What life is like shooting stills on a movie set
I always thought being the stills shooter on a movie set would be such great fun. It probably is, too. But when one hears stories and sees footage of them in action one quickly realises how stressful it is. Under constant pressure to get the shot, it must be perfect every time. Your images are going to sell the entire movie to the general public. You need to not only get the technical side perfect, you need to capture the mood and spirit of the characters, too.
In this two part video interview from AdoramaTV, we peek into the life of world renowned movie stills photographer Aidan Monaghan. It’s interesting to hear how his career evolved from architecture to landscape, then theatre, and how it all helped him get started shooting movies.
In Part 1, Aidan talks about his background. How he got his start in photography, and the transition to movies. It’s funny where life takes us sometimes.
I found it quite intriguing to hear that he got his break in movie stills due to his background in landscape photography. But, there are many different genres of photography where techniques and styles learned from one can be advantageous to another.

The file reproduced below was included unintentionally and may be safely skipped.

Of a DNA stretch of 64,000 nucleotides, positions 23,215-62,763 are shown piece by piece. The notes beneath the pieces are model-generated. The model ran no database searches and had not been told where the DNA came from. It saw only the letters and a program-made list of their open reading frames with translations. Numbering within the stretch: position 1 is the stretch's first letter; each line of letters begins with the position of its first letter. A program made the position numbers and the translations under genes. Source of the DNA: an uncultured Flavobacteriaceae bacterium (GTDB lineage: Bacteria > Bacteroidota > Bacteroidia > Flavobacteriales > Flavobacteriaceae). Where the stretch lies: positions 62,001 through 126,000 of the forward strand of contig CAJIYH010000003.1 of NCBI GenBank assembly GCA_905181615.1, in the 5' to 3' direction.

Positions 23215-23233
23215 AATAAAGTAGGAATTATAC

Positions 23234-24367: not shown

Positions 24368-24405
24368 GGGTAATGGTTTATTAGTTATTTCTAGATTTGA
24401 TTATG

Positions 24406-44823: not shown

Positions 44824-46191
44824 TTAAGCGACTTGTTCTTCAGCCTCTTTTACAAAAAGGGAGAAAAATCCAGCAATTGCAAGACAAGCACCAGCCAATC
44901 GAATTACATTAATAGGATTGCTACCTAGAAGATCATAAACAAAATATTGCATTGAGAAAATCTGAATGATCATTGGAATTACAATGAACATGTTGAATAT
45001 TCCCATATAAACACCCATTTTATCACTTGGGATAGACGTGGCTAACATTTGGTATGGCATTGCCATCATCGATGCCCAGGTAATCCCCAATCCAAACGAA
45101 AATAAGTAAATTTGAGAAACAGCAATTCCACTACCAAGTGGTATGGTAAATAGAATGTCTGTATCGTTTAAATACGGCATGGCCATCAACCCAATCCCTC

The preparation work that Aidan puts into each movie he shoots may seem a little extreme for most of us.
I always read the script. The script is key for me, because the script is the document that embodies all the direction, the description of the scene, the detail of what the actor is wearing, right down to their general expression or thought within a scene.
So, everything starts with the script for me, and I’ll read the script a few times.
I couldn’t imagine reading through an entire movie script to figure out what and where to shoot. But, not doing so would simply leave you unprepared. The script allows Aidan to visualise the scenes and the shots in his head before filming has even begun. When he shows up on set, he already knows what shots he needs.
I still think it’s probably a very cool job, but it’s definitely not something I could do long term.
How about you? Is this something you’ve always wanted to try? Do you do it already? For those that have or still do it, what are the biggest challenges you face? Let us know in the comments.
John Aldred is a photographer with over 20 years of experience in the portrait and commercial worlds. He is based in Scotland and has been an early adopter – and occasional beta tester – of almost every digital imaging technology in that time. As well as his creative visual work, John uses 3D printing, electronics and programming to create his own photography and filmmaking tools and consults for a number of brands across the industry.